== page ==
I think it comes down to acknowledging the presence of anxiety rather than trying to fight it, avoid it, or otherwise trying to control it.

    Imagine that your anxiety is a beach ball. It arrives next to you as you’re hanging out in the pool, topping up your tan, and reading David Hasselhoff’s autobiography.

    You don’t want that anxiety near you because it doesn’t feel good. So, you try to push it under the water so it’s not near you.

    What happens? The beach ball pushes back even harder. So, you put even more effort into pushing it away. You push and strain and use all your energy to keep that beach ball away.

    When your arms turn to jelly with exhaustion that beach ball explodes back up toward you — you expended all that energy and yet the beach ball is still there.

    Perhaps even more importantly, during all this struggle you haven’t been able to continue reading the magic contained within the Book of Hasselhoff and you haven’t been able to apply any sunscreen so you’re also burned to a crisp.

    As an alternative, what if you acknowledged the presence of that beach ball instead of trying to push it away?

    Of course, you don’t want it there — but it’s there.

    Then, perhaps you allow it to sit there for as long as it likes. While it’s sitting there, you do things that are important to you.

    You put on that sunscreen, you read that infamous autobiography. Sooner or later that beach ball might drift off. It might come back. It might drift off again.

    The difference now is that you’ve not used up all that energy trying to get rid of that beach ball. Instead, you’ve used it more productively — you’ve done things that are important and meaningful even in the presence of that beach ball.

    Is there anything helpful here?

    The content of this post is provided for informational and educational purposes only. It is not medical advice and is not intended to diagnose, treat, cure, or prevent any disease, disorder, or medical condition. It should never replace any advice given to you by your physician or any other licensed healthcare provider. Insomnia Coach LLC offers coaching services only and does not provide therapy, counseling, medical advice, or medical treatment. All content is provided “as is” and without warranties, either express or implied.

    If you would like to say thank you by making a financial donation to Insomnia Coach, here’s the tip jar!

    #54407

    DannoM
    ✘ Not a client

    Yes! That’s helpful. It’s hard because it feels like I’m suppressing the feelings.I understand that it’s not. I’ve acknowledged the feelings, investigated why they are there, and know they aren’t helping me. It’s just hard to put into practice. I want so bad for the feeling to go away. Because I know when it goes I can sleep.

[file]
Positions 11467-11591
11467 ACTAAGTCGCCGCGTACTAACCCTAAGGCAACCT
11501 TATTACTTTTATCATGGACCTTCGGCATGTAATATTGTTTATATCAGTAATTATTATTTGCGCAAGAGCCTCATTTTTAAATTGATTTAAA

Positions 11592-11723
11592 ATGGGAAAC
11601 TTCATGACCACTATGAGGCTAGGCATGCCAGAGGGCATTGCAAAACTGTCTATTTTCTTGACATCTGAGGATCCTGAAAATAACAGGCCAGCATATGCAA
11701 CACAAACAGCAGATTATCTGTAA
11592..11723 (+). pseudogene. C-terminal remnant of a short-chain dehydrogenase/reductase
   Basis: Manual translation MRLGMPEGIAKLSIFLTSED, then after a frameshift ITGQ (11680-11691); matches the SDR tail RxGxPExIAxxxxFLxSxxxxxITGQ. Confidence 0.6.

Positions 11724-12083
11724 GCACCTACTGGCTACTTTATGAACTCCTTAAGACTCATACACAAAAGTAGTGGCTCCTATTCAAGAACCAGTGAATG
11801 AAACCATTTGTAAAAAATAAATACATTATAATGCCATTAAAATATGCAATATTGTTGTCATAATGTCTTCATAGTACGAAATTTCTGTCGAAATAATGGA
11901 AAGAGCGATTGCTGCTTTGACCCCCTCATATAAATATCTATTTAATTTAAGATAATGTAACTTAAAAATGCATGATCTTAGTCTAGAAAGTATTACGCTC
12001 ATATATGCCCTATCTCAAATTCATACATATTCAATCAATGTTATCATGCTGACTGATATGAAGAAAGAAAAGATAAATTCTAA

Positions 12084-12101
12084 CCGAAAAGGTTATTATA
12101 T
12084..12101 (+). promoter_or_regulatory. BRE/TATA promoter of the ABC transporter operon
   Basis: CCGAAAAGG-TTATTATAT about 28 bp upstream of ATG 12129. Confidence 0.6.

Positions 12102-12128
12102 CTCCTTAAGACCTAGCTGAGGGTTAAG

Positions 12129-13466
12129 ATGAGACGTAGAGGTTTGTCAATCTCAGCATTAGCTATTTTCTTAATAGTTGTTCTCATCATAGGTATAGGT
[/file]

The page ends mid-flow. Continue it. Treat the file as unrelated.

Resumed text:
#54531

    Martin Reed
    ★ Admin

    Trying to suppress feelings is no different to pushing that beach ball under the water! We all know how that ends (sunburn, no David Hasselhoff wisdom, and the feelings remain anyway).

    Of course you want the feelings to go away — but you can’t control that. So, perhaps it’s worth using all that energy in a different and more constructive way?

    With all this being said, the process is hard and it takes a lot of practice!

    PS: You can sleep, even in the presence of difficult thoughts and feelings! It’s the struggle — donning the suit of armor and going into battle — that makes sleep really difficult. No human brain is going to allow the body to sleep when it’s heading into battle!

    The content of this post is provided for informational and educational purposes only. It is not medical advice and is not intended to diagnose, treat, cure, or prevent any disease, disorder, or medical condition. It should never replace any advice given to you by your physician or any other licensed healthcare provider. Insomnia Coach LLC offers coaching services only and does not provide therapy, counseling, medical advice, or medical treatment. All content is provided “as is” and without warranties, either express or implied.

    If you would like to say thank you by making a financial donation to Insomnia Coach, here’s the tip jar!

Viewing 8 posts - 1 through 8 (of 8 total)